Sen. Marco Rubio, Florida Republican, said Friday he plans to introduce legislation to withhold federal funds from cities that permit citizen voting, a day after the New York City Council moved to allow legal residents to cast ballots in local elections.
“No city which allows non-U.S. citizens to vote should receive U.S. government funds,” Mr. Rubio tweeted. “Next week I am going to file a bill to make that the law.”
The New York City Council voted 33-14 Thursday to extend the franchise for municipal elections to lawful permanent residents who have resided in the city for at least 30 consecutive days, and who otherwise meet the qualifications for voting.
New York City Mayor Bill de Blasio has said he will not veto the bill even though he has expressed reservations. The measure would become law in 30 days without his signature. Mr. de Blasio leaves office on January 1, and his successor as mayor, Eric Adams, supports noncitizen voting.
No city which allows non-U.S. citizens to vote should receive U.S. government funds
Next week I am going to file a bill to make that the law
— Marco Rubio (@marcorubio) December 10, 2021
The city would become the largest U.S. jurisdiction to grant citizens access to the ballot box, allowing the participation of an estimated 800,000 “Dreamers” and green-card holders.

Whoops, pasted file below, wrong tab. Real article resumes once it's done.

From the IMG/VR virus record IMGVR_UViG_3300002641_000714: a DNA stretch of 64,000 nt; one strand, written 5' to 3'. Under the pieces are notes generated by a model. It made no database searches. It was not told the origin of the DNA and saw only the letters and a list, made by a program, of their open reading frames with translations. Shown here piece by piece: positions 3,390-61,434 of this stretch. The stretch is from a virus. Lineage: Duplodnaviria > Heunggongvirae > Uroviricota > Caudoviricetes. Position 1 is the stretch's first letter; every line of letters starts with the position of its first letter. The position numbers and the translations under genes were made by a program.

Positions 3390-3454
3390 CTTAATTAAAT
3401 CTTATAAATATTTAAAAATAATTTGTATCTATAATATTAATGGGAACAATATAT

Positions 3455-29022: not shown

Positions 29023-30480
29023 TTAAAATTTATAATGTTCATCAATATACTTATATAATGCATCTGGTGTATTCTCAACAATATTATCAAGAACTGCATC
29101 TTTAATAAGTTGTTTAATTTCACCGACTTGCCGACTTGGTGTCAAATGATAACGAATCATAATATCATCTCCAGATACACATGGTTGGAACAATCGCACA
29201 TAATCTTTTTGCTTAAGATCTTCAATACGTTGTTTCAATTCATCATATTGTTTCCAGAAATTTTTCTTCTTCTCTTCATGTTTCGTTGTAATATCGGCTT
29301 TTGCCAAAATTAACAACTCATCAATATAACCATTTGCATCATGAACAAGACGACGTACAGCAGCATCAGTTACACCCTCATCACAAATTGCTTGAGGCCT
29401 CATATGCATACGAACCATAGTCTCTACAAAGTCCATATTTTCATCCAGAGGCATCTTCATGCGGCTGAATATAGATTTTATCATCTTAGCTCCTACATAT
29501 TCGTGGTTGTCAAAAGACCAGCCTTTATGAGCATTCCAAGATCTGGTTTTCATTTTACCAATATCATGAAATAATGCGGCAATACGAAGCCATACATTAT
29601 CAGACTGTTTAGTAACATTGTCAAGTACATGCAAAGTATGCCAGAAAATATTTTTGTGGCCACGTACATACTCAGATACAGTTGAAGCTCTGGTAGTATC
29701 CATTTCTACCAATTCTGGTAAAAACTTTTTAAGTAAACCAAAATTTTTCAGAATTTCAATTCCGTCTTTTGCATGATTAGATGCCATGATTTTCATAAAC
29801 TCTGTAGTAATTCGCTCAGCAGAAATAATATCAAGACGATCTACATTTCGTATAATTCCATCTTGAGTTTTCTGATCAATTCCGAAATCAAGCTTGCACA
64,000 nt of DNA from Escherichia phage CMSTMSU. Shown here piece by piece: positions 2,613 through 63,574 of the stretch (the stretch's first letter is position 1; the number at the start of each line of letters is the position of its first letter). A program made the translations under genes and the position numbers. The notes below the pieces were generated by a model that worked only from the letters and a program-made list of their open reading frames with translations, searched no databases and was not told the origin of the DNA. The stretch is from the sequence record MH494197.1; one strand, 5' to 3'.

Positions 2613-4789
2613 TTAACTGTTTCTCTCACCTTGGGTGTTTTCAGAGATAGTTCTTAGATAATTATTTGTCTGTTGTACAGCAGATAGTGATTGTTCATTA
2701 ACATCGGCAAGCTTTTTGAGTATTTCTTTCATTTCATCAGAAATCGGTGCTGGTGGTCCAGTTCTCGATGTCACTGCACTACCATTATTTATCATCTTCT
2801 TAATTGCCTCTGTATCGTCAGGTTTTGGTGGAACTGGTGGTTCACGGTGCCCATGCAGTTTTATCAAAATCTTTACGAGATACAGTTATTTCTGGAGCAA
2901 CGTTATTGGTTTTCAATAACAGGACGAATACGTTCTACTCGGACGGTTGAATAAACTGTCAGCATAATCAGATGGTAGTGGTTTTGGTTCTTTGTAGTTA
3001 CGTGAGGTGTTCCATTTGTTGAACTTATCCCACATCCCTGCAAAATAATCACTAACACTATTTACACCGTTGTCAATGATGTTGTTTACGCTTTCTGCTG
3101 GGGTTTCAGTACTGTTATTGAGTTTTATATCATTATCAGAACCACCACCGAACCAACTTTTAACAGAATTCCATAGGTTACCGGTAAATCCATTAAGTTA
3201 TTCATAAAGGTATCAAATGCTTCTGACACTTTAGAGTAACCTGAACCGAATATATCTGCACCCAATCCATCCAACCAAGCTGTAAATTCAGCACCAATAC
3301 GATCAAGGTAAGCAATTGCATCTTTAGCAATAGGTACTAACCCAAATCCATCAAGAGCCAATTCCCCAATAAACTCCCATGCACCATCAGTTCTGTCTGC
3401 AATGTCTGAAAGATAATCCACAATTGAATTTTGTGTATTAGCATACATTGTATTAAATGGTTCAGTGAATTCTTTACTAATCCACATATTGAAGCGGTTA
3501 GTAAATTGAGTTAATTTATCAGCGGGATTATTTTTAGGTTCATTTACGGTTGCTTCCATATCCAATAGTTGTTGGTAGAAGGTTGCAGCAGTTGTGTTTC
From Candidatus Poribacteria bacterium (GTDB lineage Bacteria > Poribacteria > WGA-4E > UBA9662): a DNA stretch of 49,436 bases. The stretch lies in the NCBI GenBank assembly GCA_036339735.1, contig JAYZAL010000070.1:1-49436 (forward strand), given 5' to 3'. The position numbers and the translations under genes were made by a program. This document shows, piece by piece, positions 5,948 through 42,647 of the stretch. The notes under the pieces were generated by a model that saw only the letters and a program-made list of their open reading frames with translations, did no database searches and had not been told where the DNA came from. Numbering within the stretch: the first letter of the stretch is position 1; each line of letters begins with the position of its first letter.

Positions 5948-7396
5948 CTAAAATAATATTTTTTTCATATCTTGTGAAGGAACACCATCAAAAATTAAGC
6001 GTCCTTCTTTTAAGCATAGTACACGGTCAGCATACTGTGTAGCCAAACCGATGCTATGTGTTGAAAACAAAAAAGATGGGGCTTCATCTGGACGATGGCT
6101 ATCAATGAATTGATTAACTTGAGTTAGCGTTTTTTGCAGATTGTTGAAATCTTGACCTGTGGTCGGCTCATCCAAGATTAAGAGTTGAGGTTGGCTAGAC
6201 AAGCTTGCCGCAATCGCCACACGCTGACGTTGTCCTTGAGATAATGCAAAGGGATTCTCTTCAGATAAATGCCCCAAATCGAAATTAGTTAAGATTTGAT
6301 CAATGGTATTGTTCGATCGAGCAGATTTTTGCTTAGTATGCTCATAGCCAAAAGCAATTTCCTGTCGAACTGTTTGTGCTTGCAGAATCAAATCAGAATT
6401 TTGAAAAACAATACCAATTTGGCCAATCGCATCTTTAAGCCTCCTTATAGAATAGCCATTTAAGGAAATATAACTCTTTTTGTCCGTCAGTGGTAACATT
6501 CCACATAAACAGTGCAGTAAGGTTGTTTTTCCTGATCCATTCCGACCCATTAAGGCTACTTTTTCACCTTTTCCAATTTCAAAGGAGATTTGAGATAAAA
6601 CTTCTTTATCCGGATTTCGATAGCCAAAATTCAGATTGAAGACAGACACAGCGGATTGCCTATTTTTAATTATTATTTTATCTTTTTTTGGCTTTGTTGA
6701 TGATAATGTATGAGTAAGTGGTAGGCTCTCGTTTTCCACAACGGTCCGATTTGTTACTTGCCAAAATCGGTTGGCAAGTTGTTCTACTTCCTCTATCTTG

“New Yorkers oppose giving non-citizens the vote by whopping majorities in every borough of the city,” said Americans for Citizen Voting president Christopher Arps in a statement. “The council isn’t furthering democracy by ignoring the voters and ramming the council’s preference through.”
The trend toward noncitizen voting is slowly gaining steam in Democratic-run jurisdictions.
San Francisco approved noncitizen voting in school board elections in 2016. In July, the Vermont state legislature overrode a gubernatorial veto to allow changes to the city charters of Montpelier and Winooski allowing noncitizens to vote in municipal elections.
Eleven Maryland cities also allow noncitizens to cast ballots in local or school elections.
Meanwhile, voters in three states—Alabama, Colorado and Florida—approved constitutional amendments on the ballot last year by hefty majorities to bar noncitizens from voting.
Supporters argue that noncitizens deserve a voice in making community decisions, while foes say that doing so dilutes the votes of citizens and that noncitizens should be required to accept the duties of citizenship before gaining ballot access.
Under the New York City bill, noncitizens would be able to register starting Dec. 9, 2022, and vote in local elections beginning Jan. 9, 2023.